A federal trademark registration does not create trademark rights, but it does expand them. In fact, this expansion of existing rights is quite valuable. So how do you register your trademark?
The first thing is to determine whether your trademark even qualifies for registration. A trademark must distinguish the goods or services of the applicant from the goods or services of others. Trademarks likely to cause confusion, cause mistake, or deceive with respect to existing trademarks will be refused registration. In addition, you cannot register trademarks that are immoral, deceptive, or scandalous; that disparage another; that falsely suggest a connection with another; that are national symbols (flags, coat of arms, the Statute of Liberty); that include the name, portrait, or signature of a living person without that person’s consent; that include the name, portrait, or signature of a deceased president without consent of the president’s widow; that are merely descriptive; that are deceptively misdescriptive; that are primarily geographically descriptive; that are primarily geographically deceptively misdescriptive; or that are primarily merely surnames. (However, you can register some of the otherwise excluded types of trademarks – like those that are descriptive, or geographic, or a surname — if your trademark has become distinctive or attains secondary meaning.)
Once you determine that your trademark is not disqualified from registration for any of the reasons listed above, you next need to identify all of the goods and/or services which will be offered under your trademark. All goods and services are classified by the Trademark Office into one of 45 classifications; your trademark must be associated with at least one of these classifications.
Once the classification(s) for your trademark is established, a prior art search of the Trademark Office database is performed to determine the availability of your trademark for registration. Your trademark may be deemed unavailable for registration if it is the same as an existing registered trademark (or a previously filed trademark application) or confusingly similar to an existing registered trademark (or a previously filed trademark application). However, your trademark may be available for registration if the goods and/or services have a different classification from that of the prior trademark and thus would not be likely to lead to confusion. Other factors are also considered, including how the goods and/or services are sold, the type of customers who purchase those goods and/or services, and the relatedness of the goods and/or services even if they have different classifications.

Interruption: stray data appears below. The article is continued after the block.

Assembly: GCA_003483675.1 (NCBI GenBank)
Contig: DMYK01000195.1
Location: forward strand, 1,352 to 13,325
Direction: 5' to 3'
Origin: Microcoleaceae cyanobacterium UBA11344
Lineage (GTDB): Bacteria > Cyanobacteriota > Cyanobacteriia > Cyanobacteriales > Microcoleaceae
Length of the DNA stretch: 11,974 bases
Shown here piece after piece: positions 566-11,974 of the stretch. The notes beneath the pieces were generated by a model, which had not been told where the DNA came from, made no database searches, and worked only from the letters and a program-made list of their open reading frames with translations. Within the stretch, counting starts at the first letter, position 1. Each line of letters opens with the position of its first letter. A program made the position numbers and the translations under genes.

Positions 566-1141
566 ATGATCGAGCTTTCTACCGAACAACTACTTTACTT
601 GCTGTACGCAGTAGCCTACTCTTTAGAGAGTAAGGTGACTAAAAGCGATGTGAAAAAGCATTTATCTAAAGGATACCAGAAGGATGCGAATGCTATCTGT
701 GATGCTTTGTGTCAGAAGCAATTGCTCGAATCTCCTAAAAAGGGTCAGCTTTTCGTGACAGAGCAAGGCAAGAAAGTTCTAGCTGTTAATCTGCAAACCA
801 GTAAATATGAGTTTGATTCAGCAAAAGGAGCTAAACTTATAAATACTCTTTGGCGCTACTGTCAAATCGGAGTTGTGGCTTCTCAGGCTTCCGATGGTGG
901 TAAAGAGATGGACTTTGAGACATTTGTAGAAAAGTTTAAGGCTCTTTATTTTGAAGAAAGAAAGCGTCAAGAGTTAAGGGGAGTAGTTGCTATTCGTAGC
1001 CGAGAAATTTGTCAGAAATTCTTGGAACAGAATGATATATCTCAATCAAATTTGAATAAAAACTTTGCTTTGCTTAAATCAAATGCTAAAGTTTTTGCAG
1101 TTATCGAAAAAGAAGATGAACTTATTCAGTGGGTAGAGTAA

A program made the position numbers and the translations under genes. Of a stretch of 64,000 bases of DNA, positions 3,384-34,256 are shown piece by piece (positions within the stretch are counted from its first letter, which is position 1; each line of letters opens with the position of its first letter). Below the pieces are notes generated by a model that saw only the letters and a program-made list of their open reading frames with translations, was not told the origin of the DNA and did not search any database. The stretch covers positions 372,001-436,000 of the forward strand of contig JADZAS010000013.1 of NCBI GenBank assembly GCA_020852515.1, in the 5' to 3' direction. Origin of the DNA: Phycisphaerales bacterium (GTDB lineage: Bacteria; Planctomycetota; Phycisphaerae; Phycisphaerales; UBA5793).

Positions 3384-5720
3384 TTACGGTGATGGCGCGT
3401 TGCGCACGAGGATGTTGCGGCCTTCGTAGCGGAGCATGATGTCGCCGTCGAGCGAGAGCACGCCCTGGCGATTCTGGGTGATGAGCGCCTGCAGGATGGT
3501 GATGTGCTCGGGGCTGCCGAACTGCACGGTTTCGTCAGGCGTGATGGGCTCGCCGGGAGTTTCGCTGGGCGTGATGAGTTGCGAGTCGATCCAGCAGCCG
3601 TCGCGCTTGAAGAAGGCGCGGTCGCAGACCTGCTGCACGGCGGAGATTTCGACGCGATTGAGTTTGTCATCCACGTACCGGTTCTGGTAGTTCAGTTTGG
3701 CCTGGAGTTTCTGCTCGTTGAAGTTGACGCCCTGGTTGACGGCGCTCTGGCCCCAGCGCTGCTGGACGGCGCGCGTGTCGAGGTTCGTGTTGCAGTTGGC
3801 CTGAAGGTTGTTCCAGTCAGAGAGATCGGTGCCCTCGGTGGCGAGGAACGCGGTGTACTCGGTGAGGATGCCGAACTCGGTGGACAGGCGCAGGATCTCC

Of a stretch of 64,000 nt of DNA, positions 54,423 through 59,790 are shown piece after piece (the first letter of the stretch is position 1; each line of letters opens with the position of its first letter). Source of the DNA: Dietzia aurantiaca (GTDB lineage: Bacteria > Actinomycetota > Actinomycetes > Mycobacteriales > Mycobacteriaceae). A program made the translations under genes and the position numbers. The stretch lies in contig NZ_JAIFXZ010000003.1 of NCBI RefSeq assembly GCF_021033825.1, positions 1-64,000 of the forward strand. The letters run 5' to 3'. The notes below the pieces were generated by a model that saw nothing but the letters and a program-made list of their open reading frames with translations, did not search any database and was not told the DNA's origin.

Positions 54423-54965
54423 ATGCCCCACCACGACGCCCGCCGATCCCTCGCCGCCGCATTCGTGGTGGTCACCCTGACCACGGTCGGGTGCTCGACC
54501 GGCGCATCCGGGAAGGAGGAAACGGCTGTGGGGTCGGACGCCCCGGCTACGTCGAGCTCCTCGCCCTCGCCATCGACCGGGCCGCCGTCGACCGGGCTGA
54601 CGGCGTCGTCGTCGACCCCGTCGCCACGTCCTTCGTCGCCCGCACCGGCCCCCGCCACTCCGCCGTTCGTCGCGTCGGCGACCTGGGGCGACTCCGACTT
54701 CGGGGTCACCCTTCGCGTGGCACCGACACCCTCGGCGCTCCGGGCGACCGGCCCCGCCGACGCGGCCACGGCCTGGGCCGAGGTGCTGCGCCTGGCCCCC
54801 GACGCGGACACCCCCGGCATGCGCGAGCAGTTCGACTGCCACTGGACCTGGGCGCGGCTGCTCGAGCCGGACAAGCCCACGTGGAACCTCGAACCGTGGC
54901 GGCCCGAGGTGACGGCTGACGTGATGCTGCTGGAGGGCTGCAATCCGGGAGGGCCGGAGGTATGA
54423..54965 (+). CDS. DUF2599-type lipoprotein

If the prior art search results in a likelihood that your trademark will be registered, the next step is to prepare the appropriate filing forms and file them with the Trademark Office. This can be done by printing and filling out paper forms, or by filing an electronic application. The Trademark Office prefers electronic applications and so there is a fee discount for doing so. The application form will identify the trademark, the owner of the trademark, any graphical elements if it is a logo trademark, when the trademark was first used (anywhere, and in commerce – if it has not been used yet in commerce, an “intent-to-use” application may be filed), and (if it is currently in use) an example of that use in commerce (like a label, a business card, a website for ordering product, etc.). The filing fee is based upon the number of classifications designated.
Once a federal trademark registration is on file, the Trademark Office examines it. This may not occur until several months have passed from the filing date. The examination is to ensure that the application meets the criteria, and looks for the same things as described above with regard to the prior art search. A trademark examiner may require an amendment to the trademark registration application in order to make it allowable. A trademark examiner may also refuse registration because the criteria for registration were not met.
If the application is allowed by the examiner, it then is set for publication. This involves the Trademark Office listing the application in something called The Official Gazette and setting a thirty day window for opposition. During this period, anyone believing that they may be harmed if the application is allowed may oppose the registration. This is done through an administrative lawsuit and may take months or even years to resolve. If no opposition is filed during the thirty day period, the application goes to registration. (If the trademark was not in use in commerce at the time the application was filed, you will have an opportunity to demonstrate actual use at this time. There is a six month window for making this showing. If you cannot do so, you can extend the window for an additional six months by paying a fee. This can be done up to five times. If you still cannot make the required showing after all extensions elapse the application will go abandoned.)
After a federal trademark registration issues, you will be able to use the ® symbol. You can also bring lawsuits in federal court for infringement.
A trademark registration can last indefinitely, as long as you continue to use the trademark for the goods and/or services listed in the classification, and as long as you maintain the registration. Maintenance requires that every ten years you pay a renewal fee and submit evidence that you are still properly using the trademark. There is also a one-time renewal that occurs between the fifth and sixth years after initial registration.